John and Mary visit their great-grandpa’s ancient dugout and find an old diary. They wish they could see where he lives, and the journal takes them there. Once there they discover they are dressed differently than the people around them, and they are in the middle of a war. In their trek to locate their ancestor, they meet new people and encounter adventures such as rescuing an injured British soldier, and surviving a storm at sea. Finally, at the fort where their great-grandpa is they surrender so they can get inside. Even after meeting him, the story doesn’t end. They continue to watch the war all around them. They all make promises to one another before he returns to the fighting and Mary and John return home.

I hope this book will soon find a home.

My next book is also a children’s historical fiction and has two parts, and is called Waves of Change. The first part is about my Mayflower ancestor, Henry Sampson, who came to a new land with an aunt and uncle searching for religious freedom. It tells of the hardships he had to overcome after being left alone when those he came with died. Henry was strong and healthy, and learned to build houses, hunt, plant gardens, and gather the harvest. Henry made friends with the feathered people. Someday he would be old enough to own land, and was glad he had stayed here in a free land. His life changed after sailing across the ocean on the Mayflower.

The second section of the story starts two-hundred years later in up-state New York with Henry’s fourth great grandson, Silas Hillman. After Silas’s parents join a new church the persecution starts with the children at school teasing him. Soon the people in the town turn against the family and they are unable to sell their crops. They move west, going by way of the Erie Canal to Buffalo. Then they visit an uncle in Napoli, New York before heading to Kirtland, Ohio. The persecution doesn’t end and they move to Missouri. Several times, the militia called Silas to help protect the mobs from attacking Joseph Smith. The family was forced to move to Illinois. Silas became a commandant in the Nauvoo Legion, but couldn't stop the murder of Joseph and Hyrum.

I have not finished the edits on this book, but know it will be hard finding a home for it. I wanted to write some more back in time books to other historical scenes, but have found that children’s historical fiction books are hard to sell. I’m thinking of changing my writing techniques – maybe I need a different genre. Or maybe I need to write for adults, or about something different than history. It’s hard to make such a decision. If anyone has any ideas they would like to share, I’d like to hear them.

Wednesday, October 8, 2008

About Me - Part 1

I’m the mother of two boys, and two girls, and a grandmother to 18. I currently live in Kearns, Utah with my husband, a dog and a large collection of fairies, including a fountain. Besides writing I enjoy sleeping under the bellies of dinosaurs, building parade floats, traveling and spending time with my family.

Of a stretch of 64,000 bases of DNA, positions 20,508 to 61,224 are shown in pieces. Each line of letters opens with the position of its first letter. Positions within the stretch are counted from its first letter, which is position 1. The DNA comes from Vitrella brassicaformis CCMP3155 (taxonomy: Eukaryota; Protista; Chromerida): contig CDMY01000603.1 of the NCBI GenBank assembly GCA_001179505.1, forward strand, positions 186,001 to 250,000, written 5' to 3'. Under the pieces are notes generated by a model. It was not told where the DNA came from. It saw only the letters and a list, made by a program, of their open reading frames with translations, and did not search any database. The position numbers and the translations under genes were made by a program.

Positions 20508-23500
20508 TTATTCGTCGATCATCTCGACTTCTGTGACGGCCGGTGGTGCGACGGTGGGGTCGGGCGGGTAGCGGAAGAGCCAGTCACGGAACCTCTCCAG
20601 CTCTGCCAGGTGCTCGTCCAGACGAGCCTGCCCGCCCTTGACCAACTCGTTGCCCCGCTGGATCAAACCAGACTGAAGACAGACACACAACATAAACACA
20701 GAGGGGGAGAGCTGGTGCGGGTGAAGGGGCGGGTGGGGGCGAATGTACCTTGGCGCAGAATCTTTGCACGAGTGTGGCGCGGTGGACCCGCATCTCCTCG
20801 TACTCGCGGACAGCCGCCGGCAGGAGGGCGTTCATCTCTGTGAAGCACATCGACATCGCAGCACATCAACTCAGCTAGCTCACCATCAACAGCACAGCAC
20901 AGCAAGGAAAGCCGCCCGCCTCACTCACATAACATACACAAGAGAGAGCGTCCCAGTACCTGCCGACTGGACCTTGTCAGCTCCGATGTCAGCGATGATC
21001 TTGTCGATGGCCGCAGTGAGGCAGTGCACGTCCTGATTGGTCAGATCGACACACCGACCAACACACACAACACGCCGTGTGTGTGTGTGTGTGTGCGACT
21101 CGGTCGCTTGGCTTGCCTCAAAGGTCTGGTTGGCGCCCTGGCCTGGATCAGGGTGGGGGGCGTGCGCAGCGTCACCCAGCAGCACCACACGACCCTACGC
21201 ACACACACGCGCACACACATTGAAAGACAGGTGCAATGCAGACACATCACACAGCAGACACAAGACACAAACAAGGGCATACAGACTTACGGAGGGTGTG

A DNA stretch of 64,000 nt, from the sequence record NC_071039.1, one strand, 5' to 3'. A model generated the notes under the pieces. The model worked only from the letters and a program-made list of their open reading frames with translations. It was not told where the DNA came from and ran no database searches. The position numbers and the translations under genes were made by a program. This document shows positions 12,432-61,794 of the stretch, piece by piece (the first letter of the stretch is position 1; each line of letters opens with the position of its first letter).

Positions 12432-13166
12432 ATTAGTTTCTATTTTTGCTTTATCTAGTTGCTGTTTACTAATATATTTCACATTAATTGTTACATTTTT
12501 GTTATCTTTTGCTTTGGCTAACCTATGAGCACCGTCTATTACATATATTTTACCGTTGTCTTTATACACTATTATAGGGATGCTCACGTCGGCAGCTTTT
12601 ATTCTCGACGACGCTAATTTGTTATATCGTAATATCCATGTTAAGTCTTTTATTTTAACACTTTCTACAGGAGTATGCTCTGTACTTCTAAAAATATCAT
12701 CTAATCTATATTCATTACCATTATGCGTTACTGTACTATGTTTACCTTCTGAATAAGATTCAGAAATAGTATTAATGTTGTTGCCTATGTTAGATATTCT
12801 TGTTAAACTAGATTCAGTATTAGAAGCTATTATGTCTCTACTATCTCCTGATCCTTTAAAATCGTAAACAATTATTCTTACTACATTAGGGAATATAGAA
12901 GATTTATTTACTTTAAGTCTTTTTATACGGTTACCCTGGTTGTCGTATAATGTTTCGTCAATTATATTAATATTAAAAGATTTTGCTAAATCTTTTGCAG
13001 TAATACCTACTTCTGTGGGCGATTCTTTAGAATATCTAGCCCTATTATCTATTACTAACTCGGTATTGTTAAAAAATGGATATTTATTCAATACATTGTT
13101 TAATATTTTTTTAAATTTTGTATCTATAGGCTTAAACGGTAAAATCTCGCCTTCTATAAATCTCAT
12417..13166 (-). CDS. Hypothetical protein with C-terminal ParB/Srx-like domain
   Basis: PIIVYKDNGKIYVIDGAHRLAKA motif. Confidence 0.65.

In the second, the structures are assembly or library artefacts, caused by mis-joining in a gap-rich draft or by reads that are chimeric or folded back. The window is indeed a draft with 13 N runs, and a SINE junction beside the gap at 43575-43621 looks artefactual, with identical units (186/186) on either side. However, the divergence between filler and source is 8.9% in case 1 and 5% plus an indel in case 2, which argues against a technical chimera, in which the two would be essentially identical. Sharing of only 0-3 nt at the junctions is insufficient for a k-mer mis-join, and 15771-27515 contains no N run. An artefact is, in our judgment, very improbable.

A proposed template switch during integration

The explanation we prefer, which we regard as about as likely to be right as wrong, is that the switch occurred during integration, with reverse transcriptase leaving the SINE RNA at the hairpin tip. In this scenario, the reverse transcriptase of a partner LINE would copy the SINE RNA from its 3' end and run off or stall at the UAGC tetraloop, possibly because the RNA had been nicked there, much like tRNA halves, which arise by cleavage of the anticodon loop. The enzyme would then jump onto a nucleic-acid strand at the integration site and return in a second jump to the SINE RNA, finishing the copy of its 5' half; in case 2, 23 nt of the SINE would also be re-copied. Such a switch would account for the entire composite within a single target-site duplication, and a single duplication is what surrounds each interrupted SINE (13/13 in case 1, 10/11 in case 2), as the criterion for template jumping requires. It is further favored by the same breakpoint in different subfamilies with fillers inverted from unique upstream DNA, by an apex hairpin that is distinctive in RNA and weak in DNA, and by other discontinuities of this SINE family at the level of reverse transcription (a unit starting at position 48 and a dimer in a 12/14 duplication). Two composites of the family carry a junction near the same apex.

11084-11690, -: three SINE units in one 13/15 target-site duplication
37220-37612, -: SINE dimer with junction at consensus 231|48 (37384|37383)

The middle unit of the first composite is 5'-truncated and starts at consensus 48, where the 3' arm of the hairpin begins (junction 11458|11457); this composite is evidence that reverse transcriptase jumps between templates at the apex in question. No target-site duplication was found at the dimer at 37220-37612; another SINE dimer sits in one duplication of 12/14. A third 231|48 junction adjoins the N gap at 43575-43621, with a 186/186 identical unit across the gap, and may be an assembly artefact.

When I strike it rich I want to buy a yacht and sail around the world. I want to see first hand all the many different historical sites that I’ve read about in books so I can write more stories about magical adventures.

Martha’s Freedom Train is a historical fiction story written for those above the age of 10, and it will be my first published novel. It isn’t easy, but Martha and her parents escape slavery with the help of many kind conductors for the Underground Railroad—an escape route set up by people of all colors. After many weeks, they find an entrance to a station hidden securely in a hill. A station is where caring people help the slaves hide from those who would keep them captive. They finally have a safe place to stay. Mamma can go no farther. She has caught pneumonia because of the rainy weather and the many cold rivers and streams they crossed.

Papa learns about a wagon train of Mormons traveling west, and he takes Martha to meet them. Martha’s heart almost breaks when Papa promised to come find her when her mamma is well, but insists she must go west with these strangers.

Those in charge decide that Martha will travel with an older woman who is kind and caring and will take good care of her. It isn’t long before Martha calls her Grandma. Since Martha has walked for weeks escaping slavery, it isn’t hard for her to adapt to the situation of traveling with these people. Martha meets a girl, Laura, who is near her age and they become good friends.

Martha encounters many exciting adventures along the way. They cross rivers, see Indians and buffalo. She helps put out a fire, and after falling asleep beside the trail, they accidentally leave her behind.

Once they reach the Salt Lake valley, she still has choices to make. She wants to stay in Salt Lake with her new grandma, but Laura’s family wants her to travel south to help them build a new home. She longs to go with her new friend, but if she leaves, she wonders how her papa will find her.

I hope you will watch for my book in the spring. Also watch for the second part of About Me.